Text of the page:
How to make time for homework and home learning – tips for creating the right space and schedule in busy households

As with all other things, children are different when it comes to their approach to homework or learning at home. Some will be keen to get their homework done and will happily sit down to work when their parents suggest it. Others may be less enthusiastic! But there are lots of simple things you can do to make doing homework a positive and rewarding experience for your child and to support their learning at home.

1. Create the right setting

Try to create a calm environment so that it is easier for your child to concentrate. Keep distractions to a minimum. Make sure the television and radio are turned off and, ideally, turn any mobile phones to silent. It will help if your child has a calm space to work, a table or desk to sit at where not too much else is going on. If you are reading with your child, choose a quiet spot – on the sofa, in their bedroom or anywhere that your child feels comfortable.

2. Little and often

Often the best approach to homework or learning at home is to do it little and often at predictable and regular times of the week – ideally not the last minute if at all possible! Spending ten minutes a day reading or the five minute journey to school learning times tables helps to make sure your child is getting plenty of learning practise in short, fun sessions.

Tackling homework over several short sessions across the week is sometimes more realistic in busy households, than sitting down for hours at a time. It is more likely to keep their interest and enthusiasm. Most importantly, it gets your child in a good habit for learning. For those children who are more resistant to doing homework, a regular 10 or 15 minute session is less daunting than sitting for an hour.

3. Pick your time carefully

It’s important to avoid children seeing learning as a chore, so bribery should be treated with caution, but you might find it easier if homework or home learning is done before a favourite television programme or a playdate, rather than suggesting it when your child is in the middle of something they are enjoying.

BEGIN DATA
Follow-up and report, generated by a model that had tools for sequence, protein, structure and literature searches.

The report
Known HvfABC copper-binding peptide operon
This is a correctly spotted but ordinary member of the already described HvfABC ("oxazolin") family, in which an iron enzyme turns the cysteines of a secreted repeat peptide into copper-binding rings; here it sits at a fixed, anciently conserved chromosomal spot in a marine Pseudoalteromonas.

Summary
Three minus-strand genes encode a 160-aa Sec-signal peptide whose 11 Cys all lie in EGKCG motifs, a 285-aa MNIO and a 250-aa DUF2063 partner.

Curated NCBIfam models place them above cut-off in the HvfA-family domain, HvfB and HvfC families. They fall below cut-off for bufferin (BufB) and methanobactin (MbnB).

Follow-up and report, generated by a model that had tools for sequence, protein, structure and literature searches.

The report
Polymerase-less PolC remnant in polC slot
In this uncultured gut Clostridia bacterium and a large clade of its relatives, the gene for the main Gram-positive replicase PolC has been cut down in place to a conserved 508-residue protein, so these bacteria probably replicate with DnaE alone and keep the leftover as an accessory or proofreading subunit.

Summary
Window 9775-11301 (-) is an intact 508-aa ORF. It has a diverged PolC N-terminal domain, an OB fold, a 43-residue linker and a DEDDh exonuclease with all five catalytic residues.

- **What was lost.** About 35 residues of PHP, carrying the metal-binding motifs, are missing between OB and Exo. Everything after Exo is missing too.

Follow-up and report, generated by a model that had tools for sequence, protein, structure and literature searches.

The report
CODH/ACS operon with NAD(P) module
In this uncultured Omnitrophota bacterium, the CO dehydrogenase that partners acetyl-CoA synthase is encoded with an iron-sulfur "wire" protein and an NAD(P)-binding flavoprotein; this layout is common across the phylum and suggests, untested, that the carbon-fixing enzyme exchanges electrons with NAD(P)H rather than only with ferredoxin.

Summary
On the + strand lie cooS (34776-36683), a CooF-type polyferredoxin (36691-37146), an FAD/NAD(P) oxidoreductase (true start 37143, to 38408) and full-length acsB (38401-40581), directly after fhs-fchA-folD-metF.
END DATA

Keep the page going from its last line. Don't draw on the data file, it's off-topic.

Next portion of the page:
4. Be on hand to help

Don’t be afraid to help. While all parents want to encourage their children to be independent and to take responsibility for their learning, even the keenest learners need help now and again. Try being nearby in case they have a question without cramping their style. Finally, keep calm! Tensions can run high when homework is being done but if you can avoid showing any irritation it will help things to run smoothly. Give them lots of praise for their efforts.

5. Be prepared!

Make sure your child has everything they need before they start (or, for older children, encourage then to do this themselves). This can avoid your child having to stop when things are going well to find a ruler or an eraser.
When it comes to homework it pays off to read what work has been set for your child (or, even better, to encourage them to read it out to you) as early as possible, even if they aren’t planning on tackling it for a day or two. A last minute panic about more work than was expected could be a source of friction!

Isabel Thomas: creating a positive learning environment

Author and mum of three boys, Isabel Thomas, shares what she’s learnt about encouraging her children to do their homework.

Fostering a sense of pride

“The best way to compete with distractions at home is to make homework fun. For us, this doesn’t mean bribing them to finish it, but making the process itself feel like warm, enjoyable time (much like reading a bedtime story). I don’t track their homework schedule for them – it’s up to them to remember to do it. And I will offer time and guidance, but I never get hands-on. So I ask what the task is, enthuse about how interesting it sounds, maybe point out a couple of relevant books or websites, then pretty much leave them to it. One of my sons likes the sense of companionship of sitting and working on projects together (and as I often have late homework of my own, I can always oblige!). Once they’ve finished it, I always offer praise, and if it’s a bit scrappy, I ask if they could think of any ways to make it even better. And over time, they’ve begun to enjoy the sense of pride you get from producing work independently. So much so that my youngest, in Reception, has been begging to have homework each week!”

Helping to learn coping strategies

“I think homework is not so much about the actual work done / content learned, but about modelling useful learning behaviours. One of my sons is easily discouraged, so homework has been a good chance to lessen his sense of perfectionism, to show him it’s not the end of the world if you make a mistake. It took me until I was about 32 to learn this, so I’m hopefully giving him a headstart! Sharing books like Beautiful Oops and talking about strategies if he makes a spelling mistake, and showing him my own early drafts and crossing out in notebooks etc. have helped.”